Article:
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## What are the Applications of Archimedes’ Principle?

A body appears lighter when It is immersed totally or partly in a liquid or a gas. For example, a pitcher full of water appears lighter when immersed in water. On drawing a bucket full of water from a well, it appears lighter as long as

it is inside water. But once it rises above water, it appears heavier. In no case does the actual weight of a body decrease, but the body experiences an apparent loss of weight.

Definition: The ability of a liquid or a gas at rest to exert an upward force on a body immersed in that fluid is called buoyancy.

When a body is immersed in a liquid or a gas, the liquid or the gas exerts pressure that is different on different parts of the body. The pressure at any point on the body depends on the depth of that point from the free surface or the upper surface of that liquid or gas—as explained in Section 2.5.3—characteristics (iii). Since the immersed body experiences different forces at different points, we can say that the body experiences a resultant force or thrust which acts in the upward direction. This resultant upward thrust balances a part of the downward force due to the weight of the body and hence the body suffers an apparent loss of weight.

Definition: The upward thrust exerted by a liquid or a gas at rest on a body partly or totally immersed in it is called buoyant force.

The terms buoyancy and buoyant force usually have the same meaning.

Magnitude of buoyoncy on a body immersed in a liquid: Let a cube ABCDEFGH be immersed in a liquid of density ρ [Fig.]. The depths of the surfaces ABCD and EFGH of the cube from the upper surface of the liquid are h_{1} and h_{2} respectively. Each side of the cube is of length l.

The surfaces ABCD and EFGII of the cube are horizontal but the other surfaces are vertical. The liquid exerts a normal thrust on each surface of the cube. The lateral thrusts acting horizontally on the mutually opposite vertical faces ABHE and CDFG, being equal and opposite, balance each other.

Similarly, the lateral thrusts acting on the side faces AEFD and BCGH balance each other. So, no lateral resultant thrust acts on the cube in the horizontal direction. But, due to the difference in the depths of the surfaces ABCD and EFGH from the upper surface of the Liquid, unequal thrusts act on these two surfaces.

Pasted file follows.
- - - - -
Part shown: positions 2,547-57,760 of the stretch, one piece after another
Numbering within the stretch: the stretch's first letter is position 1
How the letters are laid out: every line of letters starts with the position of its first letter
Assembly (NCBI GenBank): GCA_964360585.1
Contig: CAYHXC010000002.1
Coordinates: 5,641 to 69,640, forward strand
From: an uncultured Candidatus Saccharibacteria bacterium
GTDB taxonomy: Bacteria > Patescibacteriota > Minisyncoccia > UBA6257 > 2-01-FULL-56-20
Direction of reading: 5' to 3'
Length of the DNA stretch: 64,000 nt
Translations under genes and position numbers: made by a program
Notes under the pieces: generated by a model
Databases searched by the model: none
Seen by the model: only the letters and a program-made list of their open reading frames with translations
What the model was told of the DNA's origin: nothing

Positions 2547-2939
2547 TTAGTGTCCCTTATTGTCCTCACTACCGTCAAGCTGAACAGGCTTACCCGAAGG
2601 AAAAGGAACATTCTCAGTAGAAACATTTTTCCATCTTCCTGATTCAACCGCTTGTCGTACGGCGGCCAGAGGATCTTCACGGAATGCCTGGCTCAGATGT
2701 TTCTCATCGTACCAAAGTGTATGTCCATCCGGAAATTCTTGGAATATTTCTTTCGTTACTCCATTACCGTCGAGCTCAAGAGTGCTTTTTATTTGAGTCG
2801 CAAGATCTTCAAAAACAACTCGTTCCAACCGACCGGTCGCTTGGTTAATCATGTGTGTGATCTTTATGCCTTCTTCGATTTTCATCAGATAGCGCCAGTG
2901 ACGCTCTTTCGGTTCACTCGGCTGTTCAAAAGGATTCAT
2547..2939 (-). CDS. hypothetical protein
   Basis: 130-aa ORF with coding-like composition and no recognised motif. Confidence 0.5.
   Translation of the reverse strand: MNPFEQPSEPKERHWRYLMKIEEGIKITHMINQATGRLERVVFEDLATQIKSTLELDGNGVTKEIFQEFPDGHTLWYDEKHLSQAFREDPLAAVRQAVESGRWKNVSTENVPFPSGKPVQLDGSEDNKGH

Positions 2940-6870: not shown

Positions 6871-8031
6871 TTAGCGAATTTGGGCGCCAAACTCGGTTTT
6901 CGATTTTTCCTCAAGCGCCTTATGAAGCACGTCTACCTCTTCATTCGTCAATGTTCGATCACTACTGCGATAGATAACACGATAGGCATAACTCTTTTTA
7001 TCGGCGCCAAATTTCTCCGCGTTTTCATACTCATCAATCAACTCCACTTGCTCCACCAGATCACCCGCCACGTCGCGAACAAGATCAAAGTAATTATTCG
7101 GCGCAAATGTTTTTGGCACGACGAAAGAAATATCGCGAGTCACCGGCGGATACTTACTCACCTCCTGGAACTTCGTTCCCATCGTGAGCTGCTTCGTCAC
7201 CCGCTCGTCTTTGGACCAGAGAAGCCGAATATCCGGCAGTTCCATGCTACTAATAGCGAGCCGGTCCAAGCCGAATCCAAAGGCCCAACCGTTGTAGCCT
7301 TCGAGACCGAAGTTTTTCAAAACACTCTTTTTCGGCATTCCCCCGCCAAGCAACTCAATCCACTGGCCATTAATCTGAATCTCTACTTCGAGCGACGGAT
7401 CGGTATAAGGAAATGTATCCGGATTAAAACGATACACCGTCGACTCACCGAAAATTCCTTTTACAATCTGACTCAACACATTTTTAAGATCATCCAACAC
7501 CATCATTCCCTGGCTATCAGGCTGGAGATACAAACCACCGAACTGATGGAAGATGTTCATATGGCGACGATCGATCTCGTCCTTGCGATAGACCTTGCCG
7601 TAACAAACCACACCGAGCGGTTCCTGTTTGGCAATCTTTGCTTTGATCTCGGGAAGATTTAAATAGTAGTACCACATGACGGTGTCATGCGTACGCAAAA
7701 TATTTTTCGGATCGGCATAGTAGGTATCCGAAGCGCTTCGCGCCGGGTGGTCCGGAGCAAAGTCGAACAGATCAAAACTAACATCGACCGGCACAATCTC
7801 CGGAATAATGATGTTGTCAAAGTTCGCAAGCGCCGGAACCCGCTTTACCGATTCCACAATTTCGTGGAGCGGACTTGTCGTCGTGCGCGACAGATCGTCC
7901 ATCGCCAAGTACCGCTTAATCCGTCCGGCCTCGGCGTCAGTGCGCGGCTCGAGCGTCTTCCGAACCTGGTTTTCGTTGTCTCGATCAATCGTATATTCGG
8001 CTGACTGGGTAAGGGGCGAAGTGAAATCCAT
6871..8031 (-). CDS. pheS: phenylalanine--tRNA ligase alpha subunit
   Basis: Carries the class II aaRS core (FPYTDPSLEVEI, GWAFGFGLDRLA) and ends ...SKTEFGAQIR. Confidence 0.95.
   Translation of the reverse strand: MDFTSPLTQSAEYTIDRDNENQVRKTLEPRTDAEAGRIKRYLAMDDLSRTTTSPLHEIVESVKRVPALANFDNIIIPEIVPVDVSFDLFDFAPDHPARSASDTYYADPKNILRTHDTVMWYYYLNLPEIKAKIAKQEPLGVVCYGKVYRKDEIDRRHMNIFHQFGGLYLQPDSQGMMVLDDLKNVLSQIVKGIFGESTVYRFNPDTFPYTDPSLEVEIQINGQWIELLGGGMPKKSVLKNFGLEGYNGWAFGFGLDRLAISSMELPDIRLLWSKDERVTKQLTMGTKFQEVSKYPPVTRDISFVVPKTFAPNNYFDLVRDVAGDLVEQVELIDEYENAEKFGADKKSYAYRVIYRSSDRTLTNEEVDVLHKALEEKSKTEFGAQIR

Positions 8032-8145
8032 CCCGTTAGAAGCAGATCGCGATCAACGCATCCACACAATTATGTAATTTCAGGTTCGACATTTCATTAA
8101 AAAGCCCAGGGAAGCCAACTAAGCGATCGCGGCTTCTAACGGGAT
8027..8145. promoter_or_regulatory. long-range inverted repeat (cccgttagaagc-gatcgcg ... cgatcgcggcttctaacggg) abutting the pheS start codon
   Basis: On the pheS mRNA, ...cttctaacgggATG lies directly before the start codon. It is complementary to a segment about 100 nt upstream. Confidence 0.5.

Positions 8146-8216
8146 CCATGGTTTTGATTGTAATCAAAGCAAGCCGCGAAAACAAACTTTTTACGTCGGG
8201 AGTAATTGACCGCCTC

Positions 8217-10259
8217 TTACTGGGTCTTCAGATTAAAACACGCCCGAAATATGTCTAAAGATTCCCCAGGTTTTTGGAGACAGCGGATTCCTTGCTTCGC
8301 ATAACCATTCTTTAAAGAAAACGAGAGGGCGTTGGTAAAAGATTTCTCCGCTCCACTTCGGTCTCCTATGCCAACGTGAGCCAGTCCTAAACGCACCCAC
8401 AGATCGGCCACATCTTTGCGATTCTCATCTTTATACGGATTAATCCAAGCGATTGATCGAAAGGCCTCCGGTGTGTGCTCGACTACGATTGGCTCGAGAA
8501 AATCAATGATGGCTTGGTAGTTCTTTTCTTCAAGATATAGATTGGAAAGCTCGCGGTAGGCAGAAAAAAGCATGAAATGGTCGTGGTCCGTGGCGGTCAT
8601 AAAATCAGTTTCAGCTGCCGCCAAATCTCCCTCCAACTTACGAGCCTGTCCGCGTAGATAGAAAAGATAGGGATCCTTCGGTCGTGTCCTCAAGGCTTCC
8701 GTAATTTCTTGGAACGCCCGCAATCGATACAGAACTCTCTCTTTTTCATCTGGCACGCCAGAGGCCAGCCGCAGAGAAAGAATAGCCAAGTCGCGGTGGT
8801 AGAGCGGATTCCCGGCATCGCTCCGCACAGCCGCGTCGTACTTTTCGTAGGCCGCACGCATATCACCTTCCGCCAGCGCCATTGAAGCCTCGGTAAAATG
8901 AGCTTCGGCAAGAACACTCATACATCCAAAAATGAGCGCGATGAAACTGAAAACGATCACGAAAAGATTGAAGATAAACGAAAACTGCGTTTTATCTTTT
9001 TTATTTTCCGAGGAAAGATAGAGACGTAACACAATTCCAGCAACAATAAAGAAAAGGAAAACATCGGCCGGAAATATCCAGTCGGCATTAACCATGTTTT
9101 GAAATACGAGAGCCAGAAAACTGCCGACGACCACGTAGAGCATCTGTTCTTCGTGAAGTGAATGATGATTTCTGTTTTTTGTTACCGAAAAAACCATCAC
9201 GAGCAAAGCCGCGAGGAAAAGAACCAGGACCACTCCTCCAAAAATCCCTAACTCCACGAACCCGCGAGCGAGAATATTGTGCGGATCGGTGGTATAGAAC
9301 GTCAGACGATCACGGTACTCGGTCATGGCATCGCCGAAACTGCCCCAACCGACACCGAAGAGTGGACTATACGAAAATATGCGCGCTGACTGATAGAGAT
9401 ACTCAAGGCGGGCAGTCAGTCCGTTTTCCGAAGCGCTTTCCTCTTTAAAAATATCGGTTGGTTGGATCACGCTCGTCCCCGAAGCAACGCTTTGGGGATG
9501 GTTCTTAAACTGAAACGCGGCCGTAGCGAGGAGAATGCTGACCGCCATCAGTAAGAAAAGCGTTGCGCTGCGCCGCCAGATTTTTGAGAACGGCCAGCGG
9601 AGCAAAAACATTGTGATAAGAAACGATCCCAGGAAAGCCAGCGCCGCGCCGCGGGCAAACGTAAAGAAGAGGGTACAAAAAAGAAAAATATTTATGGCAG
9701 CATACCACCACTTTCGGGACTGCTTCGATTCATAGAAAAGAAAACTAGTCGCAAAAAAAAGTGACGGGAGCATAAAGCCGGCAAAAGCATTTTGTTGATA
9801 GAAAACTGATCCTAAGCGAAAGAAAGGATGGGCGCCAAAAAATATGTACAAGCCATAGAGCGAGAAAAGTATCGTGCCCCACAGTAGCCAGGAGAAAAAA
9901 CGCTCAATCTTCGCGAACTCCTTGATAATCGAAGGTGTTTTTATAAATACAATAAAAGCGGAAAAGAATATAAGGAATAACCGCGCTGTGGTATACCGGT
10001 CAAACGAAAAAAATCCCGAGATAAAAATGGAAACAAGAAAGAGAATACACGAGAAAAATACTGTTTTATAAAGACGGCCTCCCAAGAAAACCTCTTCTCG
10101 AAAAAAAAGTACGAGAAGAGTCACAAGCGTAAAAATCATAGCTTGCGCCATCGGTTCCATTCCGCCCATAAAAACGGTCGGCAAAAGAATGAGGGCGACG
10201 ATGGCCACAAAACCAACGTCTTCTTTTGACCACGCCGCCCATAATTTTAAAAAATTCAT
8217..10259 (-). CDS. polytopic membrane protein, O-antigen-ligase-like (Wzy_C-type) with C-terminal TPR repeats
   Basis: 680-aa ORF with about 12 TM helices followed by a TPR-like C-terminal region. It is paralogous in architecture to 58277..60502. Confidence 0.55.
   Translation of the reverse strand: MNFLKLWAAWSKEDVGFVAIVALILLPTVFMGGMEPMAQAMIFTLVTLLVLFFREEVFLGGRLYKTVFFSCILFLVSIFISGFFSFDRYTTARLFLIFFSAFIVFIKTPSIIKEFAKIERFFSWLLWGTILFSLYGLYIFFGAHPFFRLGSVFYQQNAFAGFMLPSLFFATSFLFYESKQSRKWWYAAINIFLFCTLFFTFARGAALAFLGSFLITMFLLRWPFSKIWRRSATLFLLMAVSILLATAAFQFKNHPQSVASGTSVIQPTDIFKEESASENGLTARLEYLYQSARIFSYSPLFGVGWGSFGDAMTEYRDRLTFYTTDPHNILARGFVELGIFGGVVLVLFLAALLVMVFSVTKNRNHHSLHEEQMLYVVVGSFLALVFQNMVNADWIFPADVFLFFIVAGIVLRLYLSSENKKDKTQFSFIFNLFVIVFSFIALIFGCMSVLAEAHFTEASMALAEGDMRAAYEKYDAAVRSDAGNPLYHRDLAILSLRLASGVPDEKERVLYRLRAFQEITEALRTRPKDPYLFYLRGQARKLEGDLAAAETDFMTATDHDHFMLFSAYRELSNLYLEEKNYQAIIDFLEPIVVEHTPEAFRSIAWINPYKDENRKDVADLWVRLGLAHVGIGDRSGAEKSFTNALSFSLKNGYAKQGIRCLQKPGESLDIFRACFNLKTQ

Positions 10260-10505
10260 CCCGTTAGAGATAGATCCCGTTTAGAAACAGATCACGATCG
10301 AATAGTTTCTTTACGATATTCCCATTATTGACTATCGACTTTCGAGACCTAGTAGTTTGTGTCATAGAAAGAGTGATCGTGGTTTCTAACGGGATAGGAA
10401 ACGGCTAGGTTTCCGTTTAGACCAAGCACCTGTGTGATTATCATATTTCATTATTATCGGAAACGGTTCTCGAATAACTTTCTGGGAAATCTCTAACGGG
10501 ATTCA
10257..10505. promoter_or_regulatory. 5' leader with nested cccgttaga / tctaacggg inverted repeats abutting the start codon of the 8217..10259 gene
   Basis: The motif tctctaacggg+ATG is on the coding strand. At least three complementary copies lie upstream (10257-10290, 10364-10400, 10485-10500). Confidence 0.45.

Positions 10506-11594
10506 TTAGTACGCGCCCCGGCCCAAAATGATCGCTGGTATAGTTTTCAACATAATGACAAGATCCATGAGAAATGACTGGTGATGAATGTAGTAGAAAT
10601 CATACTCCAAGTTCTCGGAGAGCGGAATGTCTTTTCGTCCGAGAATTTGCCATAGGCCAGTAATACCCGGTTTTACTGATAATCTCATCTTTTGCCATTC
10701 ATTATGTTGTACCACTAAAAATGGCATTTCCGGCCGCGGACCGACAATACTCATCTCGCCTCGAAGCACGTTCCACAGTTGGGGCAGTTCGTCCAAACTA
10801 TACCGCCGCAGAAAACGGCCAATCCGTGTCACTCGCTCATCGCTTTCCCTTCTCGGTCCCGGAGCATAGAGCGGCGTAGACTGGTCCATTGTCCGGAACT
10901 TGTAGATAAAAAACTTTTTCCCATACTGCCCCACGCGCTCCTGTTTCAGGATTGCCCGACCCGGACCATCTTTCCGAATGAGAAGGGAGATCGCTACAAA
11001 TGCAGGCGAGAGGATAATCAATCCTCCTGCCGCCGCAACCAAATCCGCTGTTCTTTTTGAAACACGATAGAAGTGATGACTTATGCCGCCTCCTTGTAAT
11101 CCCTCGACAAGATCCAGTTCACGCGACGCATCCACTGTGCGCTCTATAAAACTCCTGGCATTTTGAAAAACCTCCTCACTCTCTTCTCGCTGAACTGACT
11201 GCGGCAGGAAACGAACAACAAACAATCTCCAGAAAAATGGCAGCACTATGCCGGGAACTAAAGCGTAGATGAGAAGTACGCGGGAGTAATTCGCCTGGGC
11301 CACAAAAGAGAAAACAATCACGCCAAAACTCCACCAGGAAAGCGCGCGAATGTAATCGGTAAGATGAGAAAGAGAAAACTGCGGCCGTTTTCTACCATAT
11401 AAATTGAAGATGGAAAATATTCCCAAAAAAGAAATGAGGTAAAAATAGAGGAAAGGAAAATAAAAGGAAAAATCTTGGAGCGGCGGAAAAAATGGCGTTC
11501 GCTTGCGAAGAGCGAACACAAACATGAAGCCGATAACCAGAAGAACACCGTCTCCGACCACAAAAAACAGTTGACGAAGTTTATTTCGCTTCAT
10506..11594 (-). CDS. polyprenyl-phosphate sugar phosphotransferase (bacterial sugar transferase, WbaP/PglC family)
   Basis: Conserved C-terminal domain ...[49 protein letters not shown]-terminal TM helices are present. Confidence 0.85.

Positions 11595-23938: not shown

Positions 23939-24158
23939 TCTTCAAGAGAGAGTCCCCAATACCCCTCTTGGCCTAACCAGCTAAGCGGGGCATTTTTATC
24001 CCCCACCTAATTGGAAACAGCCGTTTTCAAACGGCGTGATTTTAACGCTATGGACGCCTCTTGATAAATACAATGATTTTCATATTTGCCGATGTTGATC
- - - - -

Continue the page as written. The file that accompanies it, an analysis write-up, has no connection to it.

The downward pressure of the liquid at any point on the surface ABCD = h1pg

∴ The downward thrust on the surface ABCD = pressure × area = h_{1}ρg ᐧ l^{2}

The upward pressure of the liquid at any point on the surface EFGH = h_{2}ρg

∴ The upward thrust on the surface EFGH = h_{2}ρg ᐧ l^{2}

Since h_{2} > h_{1}, the upward thrust acting on the cube becomes greater than the downward thrust.

∴ The net upward thrust on the cube

= h_{2}ρgl^{2} – h_{1}ρgl^{2} = l^{2}ρg(h_{2} – h_{1}) = l^{3}ρg

[∵ h_{2} – h_{1} = l].

But, l^{3} = V = volume of the cube

∴ l^{3}ρg = Vρg = weight of the liquid of a volume equal to that of the cube.

So, the buoyancy on the cube due to the liquid = weight of the liquid displaced by the cube.

This inference is applicable to any object of any shape whatsoever.

Hence, we can say that when a body is immersed partly or totally in a liquid, then the body feels an upward thrust and this upthrust or buoyant force is equal to the weight of the liquid displaced by the body.

From the presence of the factor g in the expression of the buoyant force, it is evident that buoyancy is a direct consequence of the effect of gravity on fluid pressure.

### Characteristics of buoyant force:

i) The buoyant force depends on

- the volume of the immersed portion of the body
- the density of the displaced liquid and
- the acceleration due to gravity

ii) The buoyant force acts in the direction opposite to the weight of the body.

iii) For a totally immersed body, the buoyant force does not depend on the depth up to which the body is immersed

inside the liquid.

iv) If the volume of a body is kept unaltered, then

- the buoyant force on a totally immersed body does not depend on the size, physical state (i.e., solid, liquid or gas) and mass of the body; but
- for a partly immersed body, the buoyant force on it does not depend upon its size or physical state, but depends on its mass.

It is clear that there will be no buoyant force acting on a body if both the body and the liquid are in a weightless condition. This situation arises in an artificial satellite or for a freely falling system.

### Units and dimension of buoyant force:

The dimension of the buoyant force is MLT^{-2}.

Centre of buoyancy: The point where the centre of gravity of the liquid or gas is located before it is displaced by the immersed body is the centre of buoyancy or the centre of floatation of the immersed body.

The buoyant force on an immersed body acts through the centre of buoyancy. The centre of gravity and the centre of buoyancy coincide for a totally immersed body in a fluid. But for a partly immersed body, these two points are different.